But undecided voter Noah Brown was also critical of more inventive hashtags such as "I'm #SNPbecause" and "#WhyImVotingUKIP", saying "you end up with a list of other people's perceptions, rather than manifesto based realities".

James Munro also warned of hashtags like these being hijacked by those seeking to make jokes at the parties' expense.

Another thing that left our panel less than impressed was politicians sharing their endless photo opportunities, particularly when they seemed to have little relevance to the election.

Commenting on an image shared by the Scottish Conservatives, Zoe said: "How is a picture of Ruth Davidson with a hawk on her arm going to convince people to vote Conservative? Surely she should be having more photos taken with the electorate!"

Has social media influenced our young voters ahead of the vote?

Noah Brown: "In some respects I think social media brought out the worst in people, but I don't think it made a difference to how I voted. I voted Scottish Greens in the end and it was doing research on my local candidates that swung it for me."

Struan Mackie: "I'm still voting for the Scottish Conservatives. But references to the referendum or independence have put me off several SNP candidates, Mhari Black for example. This is a general election and rearing the independence question again isn't appropriate."

Eva Murray: "I think social media has a huge influence in getting people involved in politics and getting ideas out there, but I don't think it would have the power to persuade me to vote for a party other than Labour."

Craig Maclean: "I'm still voting SNP. My impression of the Conservative party in Scotland has become less negative due to Ruth Davidson, but I still wouldn't vote for them. My impression of Labour in Scotland has gone down, mostly because of Jim Murphy, but I do like what some of their figures in England - Andy Burnham and Diane Abbot - are saying on Twitter."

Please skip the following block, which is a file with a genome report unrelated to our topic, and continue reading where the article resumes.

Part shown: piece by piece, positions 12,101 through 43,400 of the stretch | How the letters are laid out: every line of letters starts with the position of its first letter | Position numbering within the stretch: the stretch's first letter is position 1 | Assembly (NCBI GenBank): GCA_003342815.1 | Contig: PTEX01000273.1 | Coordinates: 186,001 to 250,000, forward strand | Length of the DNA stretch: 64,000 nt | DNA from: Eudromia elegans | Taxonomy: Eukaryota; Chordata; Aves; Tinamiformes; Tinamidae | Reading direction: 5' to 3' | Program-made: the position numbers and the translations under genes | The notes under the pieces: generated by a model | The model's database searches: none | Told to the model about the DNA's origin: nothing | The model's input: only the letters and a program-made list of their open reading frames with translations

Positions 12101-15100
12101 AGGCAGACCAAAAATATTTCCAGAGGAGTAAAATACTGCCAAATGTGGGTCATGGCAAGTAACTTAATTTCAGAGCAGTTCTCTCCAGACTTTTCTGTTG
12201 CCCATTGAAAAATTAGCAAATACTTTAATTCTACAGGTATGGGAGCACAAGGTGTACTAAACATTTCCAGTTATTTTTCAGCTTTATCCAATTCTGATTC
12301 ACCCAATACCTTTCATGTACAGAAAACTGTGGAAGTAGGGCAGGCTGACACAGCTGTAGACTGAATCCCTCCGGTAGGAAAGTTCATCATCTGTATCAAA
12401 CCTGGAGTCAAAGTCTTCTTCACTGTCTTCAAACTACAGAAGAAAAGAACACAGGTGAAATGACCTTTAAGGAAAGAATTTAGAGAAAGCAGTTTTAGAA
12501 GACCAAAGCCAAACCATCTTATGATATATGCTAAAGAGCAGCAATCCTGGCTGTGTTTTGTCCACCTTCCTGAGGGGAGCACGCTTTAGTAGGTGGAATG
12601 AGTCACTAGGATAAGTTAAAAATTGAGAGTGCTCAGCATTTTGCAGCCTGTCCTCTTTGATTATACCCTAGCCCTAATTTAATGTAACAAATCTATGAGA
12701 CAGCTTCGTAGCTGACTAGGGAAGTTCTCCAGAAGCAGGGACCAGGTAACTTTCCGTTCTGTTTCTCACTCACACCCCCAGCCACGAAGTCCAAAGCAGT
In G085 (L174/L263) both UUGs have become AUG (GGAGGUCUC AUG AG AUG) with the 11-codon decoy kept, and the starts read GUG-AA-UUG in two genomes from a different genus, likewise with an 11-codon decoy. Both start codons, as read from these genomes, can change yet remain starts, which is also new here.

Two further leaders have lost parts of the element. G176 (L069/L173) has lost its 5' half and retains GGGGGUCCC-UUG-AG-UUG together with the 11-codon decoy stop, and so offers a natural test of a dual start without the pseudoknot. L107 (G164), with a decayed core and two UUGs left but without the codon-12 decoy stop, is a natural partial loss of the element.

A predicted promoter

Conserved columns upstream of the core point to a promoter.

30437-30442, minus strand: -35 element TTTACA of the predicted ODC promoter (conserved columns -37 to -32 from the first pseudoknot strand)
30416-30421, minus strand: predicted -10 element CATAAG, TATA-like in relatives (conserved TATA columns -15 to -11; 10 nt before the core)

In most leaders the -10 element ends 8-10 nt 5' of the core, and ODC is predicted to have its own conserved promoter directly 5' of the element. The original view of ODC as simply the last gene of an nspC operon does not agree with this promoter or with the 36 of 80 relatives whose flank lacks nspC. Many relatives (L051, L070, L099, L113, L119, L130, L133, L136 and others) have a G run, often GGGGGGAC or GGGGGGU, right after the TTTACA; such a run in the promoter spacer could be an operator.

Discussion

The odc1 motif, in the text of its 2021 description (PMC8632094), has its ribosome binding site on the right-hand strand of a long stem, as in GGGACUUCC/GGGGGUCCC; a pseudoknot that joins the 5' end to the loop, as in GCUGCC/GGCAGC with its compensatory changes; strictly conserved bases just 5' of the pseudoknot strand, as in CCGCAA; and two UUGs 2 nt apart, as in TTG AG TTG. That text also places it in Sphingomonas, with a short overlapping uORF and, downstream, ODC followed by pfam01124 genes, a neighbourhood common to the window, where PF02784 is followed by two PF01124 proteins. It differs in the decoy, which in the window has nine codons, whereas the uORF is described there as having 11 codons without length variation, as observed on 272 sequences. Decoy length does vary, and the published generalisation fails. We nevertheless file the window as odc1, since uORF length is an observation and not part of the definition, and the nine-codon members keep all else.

James Munro: "I'd definitely say Ruth Davidson has gone a long way to improving the Scottish Conservatives in my mind. I still probably would never vote for them but she seemed like the only politician on social media who was a human being and actually ran her own media."

Rebecca Plenderleith: "Social media has ensured that I definitely won't be voting for either the Tories or Labour. What they don't realise is that by insulting other parties on social media they come across as if they are scared that their policies alone will not be enough to win them seats. I was an undecided voter. I'll now definitely be voting Liberal Democrat."

Laura Fell: "Nothing in particular has persuaded my vote. I am stuck between the choice of two parties, Labour and SNP, but I hate it when parties slag each other off and start scaremongering."

Zoe Mcintyre: "Social media hasn't persuaded me to vote a certain way. I'm voting Labour, even though I think the majority of their posts have been pretty negative. But I would say I dislike Tories more from their social media because it's all so negative."